ConstructionPro Week, Volume: 4 - Issue: 7 - 02/20/2015

Should Architects and Engineers Judge Each Other?

By Bruce Jervis


Expert opinion is almost always required to prove professional malpractice on the part of an architect or engineer. It is impossible to show that a defendant failed to meet the standards of care of the profession without establishing those standards and the defendant’s deviation from the standards. A recent case from New Jersey, while not addressing the admissibility of expert opinion at trial, considered the related issue of establishing the merit of a malpractice claim against an architect.

A New Jersey statute requires an affidavit of merit from “an appropriate licensed person” in order to proceed with a malpractice claim against an architect or an engineer. A construction contractor alleged negligent project management by an architect and submitted an affidavit from an engineer. The contractor contended project management was an overlapping area of expertise between the two professions, so an engineer was an appropriate person to express an opinion. The court disagreed, ruling that an affidavit from a “like-licensed” individual was required.

What do you think? Should engineers be allowed to offer opinions against architects, and vice versa? Are there overlapping areas of expertise between the two professions that make this appropriate in some situations?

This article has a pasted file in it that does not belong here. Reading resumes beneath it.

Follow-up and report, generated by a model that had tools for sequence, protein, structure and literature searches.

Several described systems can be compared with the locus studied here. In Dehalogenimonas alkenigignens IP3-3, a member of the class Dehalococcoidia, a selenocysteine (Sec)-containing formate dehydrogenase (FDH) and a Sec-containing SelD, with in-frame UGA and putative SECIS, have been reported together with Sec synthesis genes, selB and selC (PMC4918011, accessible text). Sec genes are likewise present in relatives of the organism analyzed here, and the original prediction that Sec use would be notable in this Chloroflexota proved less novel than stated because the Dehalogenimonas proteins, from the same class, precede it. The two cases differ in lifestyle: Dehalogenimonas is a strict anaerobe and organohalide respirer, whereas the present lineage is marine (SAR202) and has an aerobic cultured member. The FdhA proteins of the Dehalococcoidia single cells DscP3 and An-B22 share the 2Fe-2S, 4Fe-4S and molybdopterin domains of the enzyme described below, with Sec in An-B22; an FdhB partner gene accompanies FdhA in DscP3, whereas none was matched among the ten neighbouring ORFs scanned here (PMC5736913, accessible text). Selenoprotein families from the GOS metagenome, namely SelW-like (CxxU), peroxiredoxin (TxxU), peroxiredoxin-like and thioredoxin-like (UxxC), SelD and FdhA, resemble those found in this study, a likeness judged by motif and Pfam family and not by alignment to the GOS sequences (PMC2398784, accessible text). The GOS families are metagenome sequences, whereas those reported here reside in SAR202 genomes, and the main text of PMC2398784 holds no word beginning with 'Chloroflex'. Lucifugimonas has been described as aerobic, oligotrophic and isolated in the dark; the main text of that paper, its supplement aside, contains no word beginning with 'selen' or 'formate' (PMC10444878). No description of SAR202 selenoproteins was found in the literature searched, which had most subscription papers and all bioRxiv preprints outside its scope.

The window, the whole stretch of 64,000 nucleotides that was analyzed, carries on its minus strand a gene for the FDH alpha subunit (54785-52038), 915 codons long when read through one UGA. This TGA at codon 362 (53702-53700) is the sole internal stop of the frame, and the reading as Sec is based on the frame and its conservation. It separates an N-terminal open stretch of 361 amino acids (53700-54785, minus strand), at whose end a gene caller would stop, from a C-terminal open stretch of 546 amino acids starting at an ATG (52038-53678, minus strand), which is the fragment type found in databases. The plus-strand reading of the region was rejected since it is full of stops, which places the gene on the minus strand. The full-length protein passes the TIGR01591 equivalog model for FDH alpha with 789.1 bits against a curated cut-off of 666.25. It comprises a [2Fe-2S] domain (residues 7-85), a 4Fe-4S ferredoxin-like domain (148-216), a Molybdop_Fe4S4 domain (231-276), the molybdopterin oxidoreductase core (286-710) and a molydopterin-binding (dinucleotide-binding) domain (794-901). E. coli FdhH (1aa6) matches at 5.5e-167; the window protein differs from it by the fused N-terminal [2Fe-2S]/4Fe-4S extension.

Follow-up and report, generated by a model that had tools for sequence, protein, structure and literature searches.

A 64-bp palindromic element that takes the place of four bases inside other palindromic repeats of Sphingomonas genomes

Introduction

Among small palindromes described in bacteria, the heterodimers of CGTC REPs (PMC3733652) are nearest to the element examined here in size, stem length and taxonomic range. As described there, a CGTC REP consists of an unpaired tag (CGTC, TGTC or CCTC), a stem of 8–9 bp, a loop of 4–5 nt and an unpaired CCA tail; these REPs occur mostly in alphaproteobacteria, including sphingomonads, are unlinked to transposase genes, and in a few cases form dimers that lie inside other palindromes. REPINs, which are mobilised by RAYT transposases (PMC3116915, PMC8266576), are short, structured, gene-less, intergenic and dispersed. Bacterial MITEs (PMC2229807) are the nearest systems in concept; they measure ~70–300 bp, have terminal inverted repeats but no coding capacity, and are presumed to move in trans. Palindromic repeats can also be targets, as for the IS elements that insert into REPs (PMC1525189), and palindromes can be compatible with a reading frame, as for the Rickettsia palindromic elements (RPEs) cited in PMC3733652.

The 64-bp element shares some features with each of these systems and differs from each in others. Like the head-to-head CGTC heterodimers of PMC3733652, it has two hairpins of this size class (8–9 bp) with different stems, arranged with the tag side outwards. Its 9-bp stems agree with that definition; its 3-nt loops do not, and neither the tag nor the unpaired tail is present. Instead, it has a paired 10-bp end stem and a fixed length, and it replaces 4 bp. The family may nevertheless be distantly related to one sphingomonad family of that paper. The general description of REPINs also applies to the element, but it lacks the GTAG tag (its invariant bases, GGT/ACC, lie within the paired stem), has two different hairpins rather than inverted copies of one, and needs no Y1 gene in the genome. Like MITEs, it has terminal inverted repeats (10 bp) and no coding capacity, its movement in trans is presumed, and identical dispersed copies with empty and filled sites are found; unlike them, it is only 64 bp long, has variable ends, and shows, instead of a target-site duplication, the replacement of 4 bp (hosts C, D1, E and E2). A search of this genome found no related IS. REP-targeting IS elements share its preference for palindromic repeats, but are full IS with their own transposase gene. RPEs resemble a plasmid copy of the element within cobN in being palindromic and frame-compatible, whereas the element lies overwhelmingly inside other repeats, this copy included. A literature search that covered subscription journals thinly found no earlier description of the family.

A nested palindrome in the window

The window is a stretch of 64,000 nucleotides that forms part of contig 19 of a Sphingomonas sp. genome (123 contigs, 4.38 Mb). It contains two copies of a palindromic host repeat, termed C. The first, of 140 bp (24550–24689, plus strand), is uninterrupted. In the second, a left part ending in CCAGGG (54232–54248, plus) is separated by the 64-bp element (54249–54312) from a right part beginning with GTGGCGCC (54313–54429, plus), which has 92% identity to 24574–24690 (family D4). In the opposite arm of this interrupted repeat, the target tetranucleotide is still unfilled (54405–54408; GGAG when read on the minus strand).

"Opinions" are just that. It is incumbent on the 'judging authority' to properly 'weight' those opinions, in the final ruling.
Posted by: Rod McAllister - Friday, February 20, 2015 12:08 PM

Posted by: Steve - Friday, February 20, 2015 12:13 PM

The reason that an engineer shall not judge Architect's Work, is the same as they should not seal and sign the architectural drawings.

There are minor overlapping areas, such as " Site Plan" , which has to be clearly identified by the Cities whose responsibility is.
Posted by: G. Afshari - Friday, February 20, 2015 12:17 PM

No... Architects and Engineers are not like minded nor do they practice in the same manner, or with the same goals. Unless the Engineer is also a licensed Architect or visa versa, one should not provide opinion regarding the other. One exception is when the Engineer is a consultant to the Architect, the Architect has a right to expect the Engineer to align his work with the design, intent and goals of the Architect. And, has a right to judge or have opinion on the Engineers work.
Posted by: Gary Guy Wilson - Friday, February 20, 2015 12:21 PM

There are similarities but I would not want a cardio specialist working on my eyes. Both professionals in similar fields but very different in overal training.
Posted by: R W Fiscus - Friday, February 20, 2015 12:32 PM

no but may also depend on the project. gotta wonder why arch was doing project management during construction in first place,other than for the architects office and how that affects the contractor?
Posted by: marc architecture - Friday, February 20, 2015 1:03 PM

No. The disciplines are not the same. I do not know of any engineer (structural, electrical, mechanical, civil) that would consider an architect qualified to judge their on-site duties in a court, although there may be exceptions based on the experience of the individual and scale of the project. The two licenses are different as recognized by the States, as are the licenses of different engineering disciplines from each other.

Posted by: W. Jody Heady, AIA - Friday, February 20, 2015 1:47 PM


WPL Publishing - 5750 Bou Avenue #1712 - Rockville, MD 20852

Phone: (301)765-9525  -  Fax: (301)983-4367

All Content and Design Copyright © 2022 WPL Publishing
About Us

Contact Us

Privacy Policy

My Account